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UPDATE 1-U.S. crude stocks up more than expected, Cushing hub plunges - EIA

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(Adds details of fuel demand, gasoline stocks, oil prices)

Oct 27 (Reuters) - U.S. crude stocks rose more than expected in the latest week, the government reported on Wednesday, but inventories at the Cushing, Oklahoma, storage hub dropped sharply again, suggesting markets remain tight due to steady demand and stagnant production.

Crude inventories in the week to Oct. 22 rose by 4.3 million barrels to 430.8 million barrels, the U.S. Energy Information Administration said, a much bigger rise than the 1.9 million barrels analysts had expected.

However, stocks at the Cushing, Oklahoma, delivery hub fell by 3.9 million barrels in the week to 27.3 million barrels, the lowest since October of 2018.

Stocks have remained low at Cushing as U.S. output has been slow to rebound from the depths of the pandemic. Production was steady at 11.3 million barrels per day (bpd) in the most recent week, far below the late 2019 peak of nearly 13 million bpd.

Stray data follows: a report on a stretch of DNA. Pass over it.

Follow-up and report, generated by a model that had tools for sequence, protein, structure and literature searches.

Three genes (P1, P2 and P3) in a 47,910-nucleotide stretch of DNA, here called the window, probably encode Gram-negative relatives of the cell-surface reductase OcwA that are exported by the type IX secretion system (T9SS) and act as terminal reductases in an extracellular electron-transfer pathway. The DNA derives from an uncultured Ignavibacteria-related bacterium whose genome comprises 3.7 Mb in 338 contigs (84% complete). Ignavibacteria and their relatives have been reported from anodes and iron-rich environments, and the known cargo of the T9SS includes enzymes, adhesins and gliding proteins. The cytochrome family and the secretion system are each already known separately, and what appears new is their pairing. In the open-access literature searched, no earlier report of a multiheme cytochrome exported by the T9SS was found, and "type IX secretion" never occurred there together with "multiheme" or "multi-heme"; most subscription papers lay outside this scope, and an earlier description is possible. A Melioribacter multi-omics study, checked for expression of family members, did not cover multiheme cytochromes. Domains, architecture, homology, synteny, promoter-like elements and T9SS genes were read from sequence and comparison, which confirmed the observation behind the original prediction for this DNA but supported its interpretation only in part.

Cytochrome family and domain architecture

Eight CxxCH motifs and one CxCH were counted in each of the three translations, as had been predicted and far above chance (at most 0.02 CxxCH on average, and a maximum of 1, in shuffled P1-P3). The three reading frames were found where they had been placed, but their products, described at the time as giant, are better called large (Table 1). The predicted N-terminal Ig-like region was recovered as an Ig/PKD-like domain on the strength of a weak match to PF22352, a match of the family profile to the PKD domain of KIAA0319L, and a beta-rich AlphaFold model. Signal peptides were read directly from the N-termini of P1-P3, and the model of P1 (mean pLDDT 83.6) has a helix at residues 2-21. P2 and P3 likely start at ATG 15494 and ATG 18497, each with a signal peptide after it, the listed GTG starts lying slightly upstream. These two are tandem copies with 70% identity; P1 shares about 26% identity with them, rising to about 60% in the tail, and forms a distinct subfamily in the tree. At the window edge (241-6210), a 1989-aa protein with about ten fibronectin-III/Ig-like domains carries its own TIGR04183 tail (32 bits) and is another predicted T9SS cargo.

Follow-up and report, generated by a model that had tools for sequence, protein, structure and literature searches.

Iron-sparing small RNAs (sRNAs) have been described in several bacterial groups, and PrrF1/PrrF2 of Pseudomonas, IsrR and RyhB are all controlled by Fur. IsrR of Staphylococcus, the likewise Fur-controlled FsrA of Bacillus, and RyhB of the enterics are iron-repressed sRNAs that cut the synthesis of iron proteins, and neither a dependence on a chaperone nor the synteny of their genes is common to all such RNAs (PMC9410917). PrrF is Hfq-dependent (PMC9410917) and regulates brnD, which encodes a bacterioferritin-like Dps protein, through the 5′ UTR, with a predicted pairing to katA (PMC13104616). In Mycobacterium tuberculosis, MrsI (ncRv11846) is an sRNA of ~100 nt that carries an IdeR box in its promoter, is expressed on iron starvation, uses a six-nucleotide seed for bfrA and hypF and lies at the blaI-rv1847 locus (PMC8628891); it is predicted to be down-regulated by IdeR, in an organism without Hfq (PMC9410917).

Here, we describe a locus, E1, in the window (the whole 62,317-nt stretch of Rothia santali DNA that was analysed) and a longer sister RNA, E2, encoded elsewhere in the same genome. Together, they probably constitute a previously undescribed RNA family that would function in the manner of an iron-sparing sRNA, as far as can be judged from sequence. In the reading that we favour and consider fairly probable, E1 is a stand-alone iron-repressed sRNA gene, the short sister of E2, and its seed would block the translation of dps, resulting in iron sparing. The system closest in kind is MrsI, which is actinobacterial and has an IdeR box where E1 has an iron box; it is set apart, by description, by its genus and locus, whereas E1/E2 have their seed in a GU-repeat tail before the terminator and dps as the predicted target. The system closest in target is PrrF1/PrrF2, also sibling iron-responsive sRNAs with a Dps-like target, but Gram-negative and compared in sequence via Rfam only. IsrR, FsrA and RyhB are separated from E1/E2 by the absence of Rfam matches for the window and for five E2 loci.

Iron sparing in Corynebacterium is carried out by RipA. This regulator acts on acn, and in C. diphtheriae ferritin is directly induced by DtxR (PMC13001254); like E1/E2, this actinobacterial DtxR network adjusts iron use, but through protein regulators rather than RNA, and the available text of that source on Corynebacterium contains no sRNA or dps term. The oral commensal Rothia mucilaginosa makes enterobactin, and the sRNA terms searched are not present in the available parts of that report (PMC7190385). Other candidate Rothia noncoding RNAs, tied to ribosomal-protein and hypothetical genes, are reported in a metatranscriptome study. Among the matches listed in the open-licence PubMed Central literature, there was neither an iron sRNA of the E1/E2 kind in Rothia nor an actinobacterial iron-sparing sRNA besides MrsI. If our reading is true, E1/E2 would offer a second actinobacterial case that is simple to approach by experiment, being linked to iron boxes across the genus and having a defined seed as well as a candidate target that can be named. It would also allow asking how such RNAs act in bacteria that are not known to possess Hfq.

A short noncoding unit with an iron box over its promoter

Despite the fall in stocks at Cushing, the Gulf Coast's inventories rose to 247 million barrels in the week, partly due to a net increase in imports which hit their highest since June.

"As bad as things are with Cushing, we are flush with crude oil in the Gulf Coast. But massive draws in the delivery hub for the futures contract is a red flag," said John Kilduff, partner at Again Capital LLC in New York.

Later-dated futures contracts are trading at lower prices than the current contract, indicating heavy demand for oil on a prompt basis. U.S. crude futures were down $1.25, or 1.5%, to $83.40 on the day as of 10:52 a.m. EDT (1452 GMT) while Brent dropped $1.35, or 1.6%, to $85.05 a barrel..

U.S. gasoline stocks fell by 2 million barrels in the week to 215.8 million barrels, lowest since 2017, the EIA said.​

Refinery crude runs rose by 58,000 barrels per day in the last week, EIA said. Refinery utilization rates rose by 0.4 percentage points, in the week.

Distillate stockpiles, which include diesel and heating oil, fell by 432,000 barrels in the week to 125 million barrels. (Reporting By David Gaffen; Editing by David Gregorio)

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